In Australia and the UK, the transition of the retirement industry has led to the rise of retirement platforms. Combining these insights with the maturing robo-advisory technology is an opportunity for Dutch retirement providers to incorporate this technology as a building block in their digital transformation and provide employees and beneficiaries of retirement solutions with platform-like solutions. At least one Dutch retirement industry participant has already recognised this opportunity. In July 2017, Brand New Day announced the launch of a ‘pension robot’ two years from now, which will define a risk profile, determine the aggregated pension needs, provide an automated advice, monitor the advice, and manage the risks in the portfolio accordingly, during the lifetime of the employee1.
The key to capturing opportunities in the retirement sector
Considering the current market context and the opportunities described above, we see four areas for (group) life insurance companies to pursue a growth strategy in the retirement market:
1. Focus on addressing unmet needs of specific segments. The owner-director (DGA) of an organisation is, as of April 2017, no longer able to accumulate retirement wealth on his/her own company balance (‘DGA in eigen beheer’). Therefore, the DGA is required to look for other solutions to save for his financial future and manage the risks accordingly. Similarly, independent contractors form a segment with limited fiscal incentives to save for retirement, but still have a need to achieve financial security, also after their retirement.
2. Develop digital interfaces and workplace solutions to help individual employees gain a better understanding of their retirement savings and help them manage their financial future. Most ‘MyRetirementSavings’ portals in the Netherlands are poorly visited by employees. This is because they offer limited added value, are not integrated with other means of communication and do not offer proactive notifications. Leveraging robo-advice technology allows for holistic financial planning and proactive alerts. Digital interfaces can be purely informative or they can be built to also provide advice.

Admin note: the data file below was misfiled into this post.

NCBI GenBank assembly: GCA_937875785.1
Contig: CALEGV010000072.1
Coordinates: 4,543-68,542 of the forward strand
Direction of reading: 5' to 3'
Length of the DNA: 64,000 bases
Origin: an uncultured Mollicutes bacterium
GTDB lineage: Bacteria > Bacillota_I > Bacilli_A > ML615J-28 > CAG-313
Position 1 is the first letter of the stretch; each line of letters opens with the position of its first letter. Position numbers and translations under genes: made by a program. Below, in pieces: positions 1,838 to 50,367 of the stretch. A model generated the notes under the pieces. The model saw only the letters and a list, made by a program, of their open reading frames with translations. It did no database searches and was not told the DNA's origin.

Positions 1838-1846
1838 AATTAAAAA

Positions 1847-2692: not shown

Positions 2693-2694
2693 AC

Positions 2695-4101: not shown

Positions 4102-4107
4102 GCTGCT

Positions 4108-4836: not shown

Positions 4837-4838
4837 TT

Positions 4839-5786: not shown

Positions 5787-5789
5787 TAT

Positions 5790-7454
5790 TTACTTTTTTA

3. Develop holistic and flexible retirement propositions which allow for part-time work, combine total wealth, and guide employees from the accumulation to, and through, the retirement phase of decumulation. Ultimately customers are not merely looking for a pot of money when they retire. People want to enjoy retirement, which implies having sufficient money, living well and being healthy.
4. Leverage the Dutch capabilities and increase scale by expanding internationally. The PPI can be leveraged to also administer retirement plans in other countries. The Pan EU Personal Pension (PEPP) can also accommodate cross-border activities. This will increase the scale of operations and drive costs down—provided processes are digitised. Other capabilities related to retirement wealth management, such retirement advice platforms or risk solutions, can also potentially be offered in other markets.
Finally, to capture the opportunity and manage the transformation of (group) life insurers we have a number of recommendations:
- Automate as much as possible. Digitised processes will facilitate compliance procedures, drive down costs and provide an opportunity for addressing individual needs.
- Work with personal advisors, not against them. Globally, there are only a few examples of successful ‘digital only’ platforms. We see a continued need for personal advice, particularly in the retirement industry. However, in combination with digital tooling, the advice can be richer, more tailored to the best interests of the client and can be delivered more efficiently.
- Design for a new generation of investors. Generations X or Y have different expectations of insurers and retirement providers. Digital communication, overviews, and insights are must-haves, not special features.
- It’s about life, not money. Focus on helping customers navigate through life. Money is a means to live life. When reframing the paradigm from ‘retirement capital’ to ‘enjoying retirement’ it opens new opportunities for innovation.
- Experiment and scale quickly. Learn using prototypes and fail fast. However, when identifying the smallest success, scale up quickly. Research by Deloitte and MIT Sloan2. indicated that compared to other countries, Dutch companies are better in experimenting and innovation but lag behind in scaling successes up quickly.
- Be aware of the competition. Banks, fintech companies, and technology giants such as Facebook and Google are also eyeing possibilities in the retirement market. Insurers should leverage the advantages they have (existing client relationships, knowledge of the market, valuation and pricing expertise) and make the first move.